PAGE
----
Nathan Newbrook - the man who could have inspired David Cameron’s Big Society

FITNESS Nathan Newbrook at the Spirit Health Club in Southsea where he works as a personal trainer.      Picture: Ian Hargreaves  (111706-1)
FITNESS Nathan Newbrook at the Spirit Health Club in Southsea where he works as a personal trainer. Picture: Ian Hargreaves (111706-1)
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David Curwen, centre, hugs his mother with whom he wa sreunited. Completing the group is his brother Keith

THIS WEEK IN 1975: Reunited after 30 years – but only thanks to a kind stranger

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Of all the pools in all the world in which you could get into difficulty, you’d want it to be this one.

There is an air of confidence and a steely determination in Nathan Newbrook’s eyes that make you certain you would not meet your end at the bottom of this deep end

The same calm, controlled manner comes across when you engage this remarkable young man in conversation. Some might think it has something to do with the pair of boxing gloves he’s carrying. It hasn’t.

I’m amazed that David Cameron hasn’t yet come knocking on his door to hold him up as a perfect example of what he thinks the Big Society might mean.

To explain: Nathan is an expert on everything to do with death... and avoiding it.

He’s one of those people you would want crouching over you with reassuring words after an accident.

He is, in the dreadful jargon of today, a lifestyle consultant. In other words, he runs a gym at which he works 40 hours a week.

He runs his own business as a personal trainer on top of that.

In his spare time he is also an emergency medic and member of a lifeboat team. He volunteers for both.

Oh, and then there are his starring roles as a skater in ice shows at Gosport.

Nathan Newbrook has just turned 21.

For someone so young he has a mature head on his shoulders.

‘It might be a cliche, but I mean it when I say that I’ve always wanted to help people and go into jobs where I can do just that.

‘I never wanted a dead-end job, always something which really interested me and in which the rewards were just being able to help others,’ he says with genuine modesty.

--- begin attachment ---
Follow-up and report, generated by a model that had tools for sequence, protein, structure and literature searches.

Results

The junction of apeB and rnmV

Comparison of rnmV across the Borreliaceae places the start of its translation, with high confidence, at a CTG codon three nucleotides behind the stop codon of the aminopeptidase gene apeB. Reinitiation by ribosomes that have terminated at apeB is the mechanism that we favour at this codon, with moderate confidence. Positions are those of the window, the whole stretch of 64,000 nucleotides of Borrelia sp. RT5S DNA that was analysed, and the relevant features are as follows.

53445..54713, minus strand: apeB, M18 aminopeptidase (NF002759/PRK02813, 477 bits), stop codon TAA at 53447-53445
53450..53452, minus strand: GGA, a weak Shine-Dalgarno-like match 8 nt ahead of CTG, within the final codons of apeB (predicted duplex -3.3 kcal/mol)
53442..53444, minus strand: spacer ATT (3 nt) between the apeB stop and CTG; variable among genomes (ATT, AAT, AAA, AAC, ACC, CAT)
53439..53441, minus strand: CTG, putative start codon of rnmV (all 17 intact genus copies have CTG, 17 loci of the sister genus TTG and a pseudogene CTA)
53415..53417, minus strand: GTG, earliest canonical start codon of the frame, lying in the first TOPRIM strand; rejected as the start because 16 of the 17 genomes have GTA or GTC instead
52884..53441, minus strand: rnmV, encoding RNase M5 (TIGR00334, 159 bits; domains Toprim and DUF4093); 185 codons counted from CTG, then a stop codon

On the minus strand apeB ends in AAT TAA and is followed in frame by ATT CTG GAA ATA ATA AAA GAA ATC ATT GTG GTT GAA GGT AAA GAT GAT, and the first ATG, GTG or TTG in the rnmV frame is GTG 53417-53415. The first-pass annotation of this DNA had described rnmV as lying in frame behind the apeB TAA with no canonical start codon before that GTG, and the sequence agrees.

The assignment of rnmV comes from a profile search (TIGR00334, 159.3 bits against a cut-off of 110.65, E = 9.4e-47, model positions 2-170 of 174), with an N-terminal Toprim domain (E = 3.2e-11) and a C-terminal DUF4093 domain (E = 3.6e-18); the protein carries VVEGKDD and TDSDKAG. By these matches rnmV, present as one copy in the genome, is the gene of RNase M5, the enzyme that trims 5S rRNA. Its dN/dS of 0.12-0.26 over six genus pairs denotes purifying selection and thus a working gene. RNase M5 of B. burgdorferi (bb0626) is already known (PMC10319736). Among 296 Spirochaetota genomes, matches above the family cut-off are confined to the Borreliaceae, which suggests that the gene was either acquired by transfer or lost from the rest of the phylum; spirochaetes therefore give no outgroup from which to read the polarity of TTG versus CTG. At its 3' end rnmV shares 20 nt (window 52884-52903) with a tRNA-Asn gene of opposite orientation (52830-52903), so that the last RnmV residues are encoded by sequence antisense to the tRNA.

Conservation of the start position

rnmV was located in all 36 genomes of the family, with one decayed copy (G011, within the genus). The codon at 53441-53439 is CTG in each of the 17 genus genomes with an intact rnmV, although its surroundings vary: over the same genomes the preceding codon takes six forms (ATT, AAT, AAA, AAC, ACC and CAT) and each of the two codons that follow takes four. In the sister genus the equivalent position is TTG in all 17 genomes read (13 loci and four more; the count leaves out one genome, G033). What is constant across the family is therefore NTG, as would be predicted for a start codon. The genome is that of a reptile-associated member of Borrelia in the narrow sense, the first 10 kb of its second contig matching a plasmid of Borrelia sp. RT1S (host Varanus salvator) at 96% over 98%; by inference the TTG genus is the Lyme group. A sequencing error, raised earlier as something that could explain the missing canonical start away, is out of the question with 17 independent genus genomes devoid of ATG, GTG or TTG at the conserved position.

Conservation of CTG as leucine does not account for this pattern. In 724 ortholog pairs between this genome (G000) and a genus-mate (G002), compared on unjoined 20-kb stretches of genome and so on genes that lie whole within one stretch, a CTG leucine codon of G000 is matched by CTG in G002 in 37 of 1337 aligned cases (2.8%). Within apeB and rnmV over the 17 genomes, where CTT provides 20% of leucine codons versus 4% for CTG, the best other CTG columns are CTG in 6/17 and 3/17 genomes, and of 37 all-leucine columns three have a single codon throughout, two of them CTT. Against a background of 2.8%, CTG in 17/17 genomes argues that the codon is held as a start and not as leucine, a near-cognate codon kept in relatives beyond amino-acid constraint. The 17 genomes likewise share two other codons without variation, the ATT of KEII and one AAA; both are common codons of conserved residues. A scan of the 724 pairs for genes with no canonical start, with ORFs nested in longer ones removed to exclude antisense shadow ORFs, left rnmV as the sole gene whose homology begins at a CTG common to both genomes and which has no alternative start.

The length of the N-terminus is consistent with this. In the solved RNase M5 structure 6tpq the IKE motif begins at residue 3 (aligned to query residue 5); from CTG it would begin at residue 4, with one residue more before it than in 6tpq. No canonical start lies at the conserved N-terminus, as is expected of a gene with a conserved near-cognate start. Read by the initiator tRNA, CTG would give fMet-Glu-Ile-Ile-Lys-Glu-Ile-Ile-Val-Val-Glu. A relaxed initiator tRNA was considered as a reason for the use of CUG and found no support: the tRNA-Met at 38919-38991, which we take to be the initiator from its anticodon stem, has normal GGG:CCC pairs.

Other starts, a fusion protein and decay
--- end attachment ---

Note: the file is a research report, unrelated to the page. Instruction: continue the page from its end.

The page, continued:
But surely there are not enough hours in the day, let alone a week, to do all these things justice?

‘You just keep focused and do your very best at what you’re doing at that particular time.

‘I’ve always wanted to be successful and never wanted to let anyone down.’

We’re chatting at the Spirit Health Club in the Holiday Inn at Pembroke Park, Old Portsmouth. He comes equipped with the boxing gloves because he has recently qualified to teach boxercise – a way of keeping fit without the violence.

He’s been there since October 2008 having worked for the previous three years as a supervisor at Gosport ice rink.

‘I was born and bred in Gosport and love the place. I’ve been skating there since I was eight.

‘My sister and I went along one day and fell in love with the sport. My mum works there and when I got a job at the rink it was like a dream come true, but after three years it was time to move away.’

So he became a gym instructor and has just qualified as a personal trainer.

‘I work with some people who are going through cardiac rehabilitation – suffering from heart defects.

‘I just like to be able to get them to where they want to be in terms of their fitness. It’s really stimulating.’

Where does his inspiration come from? There’s no hesitation. ‘My three brothers. There’s a 10-year gap between them and me and they all work for the ambulance service.

‘I saw what they were doing when I was young and knew I wanted a career in a caring service.’

Two brothers work for the South Central Ambulance Service in Hampshire, the other for the South East Coast Ambulance Service across the border in Sussex.

Nathan has now become a community first responder. ‘I carry a pager and you can get called at 3am, but it can be crucial.

‘You’re the first to get to a scene. You can be called to something in the next street and can get there really fast even though the ambulance should be there in eight minutes.

‘We can deal with anything from a category A (life-threatening) situation such as cardiac arrest, haemorrhage or having to use a defibrillator, to having to give an aspirin.

‘It’s a pain sometimes to get paged when you’re on the beach...’

Ah, the beach. So there is some down time?

Er, no. When he refers to the beach he means working on the beach with the team from Gafirs (the Gosport and Fareham Inshore Rescue Service) for whom he has volunteered.

Again he is following in the footsteps of a brother – Chris.

‘I’m shore-based at the moment, but I’m really looking forward to getting out on the water.’

Does he ever relax? ‘I like playing with my Xbox with friends and going to the pub for the evening, but I’ve never liked sitting around.

‘If I’m at home in the evening I can never just sit still, I want to be out on my bike or roller blades getting some exercise...’